On the subject of celibacy, which goes to the root of sexual orientation and the many instances of sexual abuse now proven against many members of the Catholic clergy, Pope Francis says in the book: “Right now, I stand by Benedict XVI, who said that celibacy should be maintained...I am not convinced that eliminating celibacy would cause such an increase in those called to the priesthood as to make up for the shortage (of priests). When asked : “ But what do you say to those who think it could prevent incidents of sexual abuse” , Pope Francis responded: “ Seventy percent of cases involving pedophiles happen within the family or the neighbourhood environment. We have read stories of boys abused by their fathers, grandfathers, uncles and stepfathers. In other words they are psychological perversions that existed prior to choosing a life of celibacy... and celibacy does not cure that perversion...”
Pope Francis shows empathy and understanding in the event a priest wishes to leave the priesthood for sexual reasons. To the question: “Notwithstanding the monitoring in seminaries, there continue to be those who abandon the priesthood, primarily to get married” (This question also seemingly applies to a homosexual leaving the priesthood) Pope Francis responded: “celibacy is a choice in life. There are times a priest can come to doubt himself, if he meets a woman in the parish and thinks he has fallen in love...that’s normal...I am the first to share in this moment of a priest’s life...I stay with him; I accompany him on his journey. If he is sure of his decision, I even help to find him work. What I don’t allow is a double life. If he can’t lead his ministry I ask that he stays home...”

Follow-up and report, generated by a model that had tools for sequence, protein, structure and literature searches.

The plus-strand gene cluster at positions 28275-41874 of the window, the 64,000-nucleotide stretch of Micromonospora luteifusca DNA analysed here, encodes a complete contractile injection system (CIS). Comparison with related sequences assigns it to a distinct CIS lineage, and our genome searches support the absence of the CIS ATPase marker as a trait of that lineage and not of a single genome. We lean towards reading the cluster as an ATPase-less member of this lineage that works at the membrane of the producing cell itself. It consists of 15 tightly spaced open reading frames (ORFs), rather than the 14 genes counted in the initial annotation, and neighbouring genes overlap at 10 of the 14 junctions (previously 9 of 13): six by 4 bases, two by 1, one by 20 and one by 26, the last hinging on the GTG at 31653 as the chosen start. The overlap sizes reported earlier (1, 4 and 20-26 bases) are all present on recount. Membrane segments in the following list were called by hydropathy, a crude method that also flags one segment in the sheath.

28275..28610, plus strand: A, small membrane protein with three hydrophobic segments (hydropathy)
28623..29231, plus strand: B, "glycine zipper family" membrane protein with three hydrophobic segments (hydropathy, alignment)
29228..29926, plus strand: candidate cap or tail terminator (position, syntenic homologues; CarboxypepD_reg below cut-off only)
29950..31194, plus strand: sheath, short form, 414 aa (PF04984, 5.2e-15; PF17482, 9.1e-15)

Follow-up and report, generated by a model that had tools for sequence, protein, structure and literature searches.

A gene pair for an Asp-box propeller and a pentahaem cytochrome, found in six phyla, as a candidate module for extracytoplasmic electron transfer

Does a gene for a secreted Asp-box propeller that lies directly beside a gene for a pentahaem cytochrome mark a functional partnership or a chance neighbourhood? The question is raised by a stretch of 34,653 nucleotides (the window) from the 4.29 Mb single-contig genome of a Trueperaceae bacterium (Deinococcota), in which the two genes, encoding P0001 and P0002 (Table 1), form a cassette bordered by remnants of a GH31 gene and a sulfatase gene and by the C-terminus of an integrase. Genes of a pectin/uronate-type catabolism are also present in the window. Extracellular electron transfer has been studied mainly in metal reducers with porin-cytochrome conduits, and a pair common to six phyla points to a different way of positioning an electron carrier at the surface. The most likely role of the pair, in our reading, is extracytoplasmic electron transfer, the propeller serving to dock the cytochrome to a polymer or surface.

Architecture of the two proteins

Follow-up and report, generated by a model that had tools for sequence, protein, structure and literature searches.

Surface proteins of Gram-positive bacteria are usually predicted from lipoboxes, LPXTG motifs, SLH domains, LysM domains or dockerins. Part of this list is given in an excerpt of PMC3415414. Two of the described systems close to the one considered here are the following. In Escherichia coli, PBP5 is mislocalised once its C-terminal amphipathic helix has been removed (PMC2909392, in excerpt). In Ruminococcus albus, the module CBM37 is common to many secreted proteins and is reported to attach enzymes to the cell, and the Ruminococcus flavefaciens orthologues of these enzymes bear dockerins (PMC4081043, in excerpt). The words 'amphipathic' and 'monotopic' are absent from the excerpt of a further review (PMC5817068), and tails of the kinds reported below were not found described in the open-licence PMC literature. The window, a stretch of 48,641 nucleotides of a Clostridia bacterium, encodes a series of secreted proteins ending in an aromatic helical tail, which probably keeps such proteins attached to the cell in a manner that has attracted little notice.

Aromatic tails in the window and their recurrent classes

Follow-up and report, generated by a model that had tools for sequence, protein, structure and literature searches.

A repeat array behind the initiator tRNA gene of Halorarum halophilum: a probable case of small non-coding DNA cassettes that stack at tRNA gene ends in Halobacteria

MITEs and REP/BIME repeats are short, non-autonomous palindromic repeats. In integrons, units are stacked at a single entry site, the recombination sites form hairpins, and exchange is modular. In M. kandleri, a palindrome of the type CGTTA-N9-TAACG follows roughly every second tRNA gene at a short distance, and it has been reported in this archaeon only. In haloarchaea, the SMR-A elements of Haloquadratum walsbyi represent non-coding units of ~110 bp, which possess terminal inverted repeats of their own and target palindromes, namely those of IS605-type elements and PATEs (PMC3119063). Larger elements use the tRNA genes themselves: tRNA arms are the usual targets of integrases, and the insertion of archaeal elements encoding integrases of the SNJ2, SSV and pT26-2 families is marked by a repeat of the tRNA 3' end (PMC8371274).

Getting back to his statement in the aircraft on his way back to the Vatican, Pope Francis added: “The Catechism of the Catholic Church explains this very well. It says (homosexuals) should not be marginalized because of this (orientation) but they must be integrated into society...we must be brothers. The problem is lobbying by this orientation, or lobbies of greedy people, political lobbies, Masonic lobbies, so many lobbies. This is the worst problem”.
From a philosophical perspective, Pope Francis’s view is seemingly consistent with that of John Rawls (1921-2002) an American political philosopher who, in his “Theory of Justice” (1971) brought out the interesting hypothesis of the “veil of ignorance”. According to this concept, if we start off by shedding any and all prejudices and leanings, whether moral or political, economic or religious, and do not know who we are when we collectively carve out our laws, policies, practices, we would retain an overall position of equality. This is consistent with what Pope Francis calls “brothers”.
We have to go back to basics if we are to link this sexuality issue with the Catholic faith. “For God shows no partiality” ...(Romans 2.11)....“ There is neither Jew nor Greek, there is neither slave nor free, there is no male and female, for you are all one in Christ Jesus” ...(Galatians 3.28), “ So God created man in his own image, in the image of God he created him; male and female he created them” (Genesis 1.27)...“ For in Christ Jesus you are all sons of God, through faith. For as many of you as were baptized into Christ have put on Christ. There is neither Jew nor Greek, there is neither slave nor free, there is no male and female, for you are all one in Christ Jesus. And if you are Christ's, then you are Abraham's offspring, heirs according to promise” (Galatians 3.26-29).
Pope Francis is on the right track. But one hopes he can continue to put his money where his mouth is and if God said...” there is no male or female”, he should initiate ordaining females to the priesthood. If this is not done, all these would just be empty words of a realm of continuing discrimination, blatantly contrary to God’s tenets.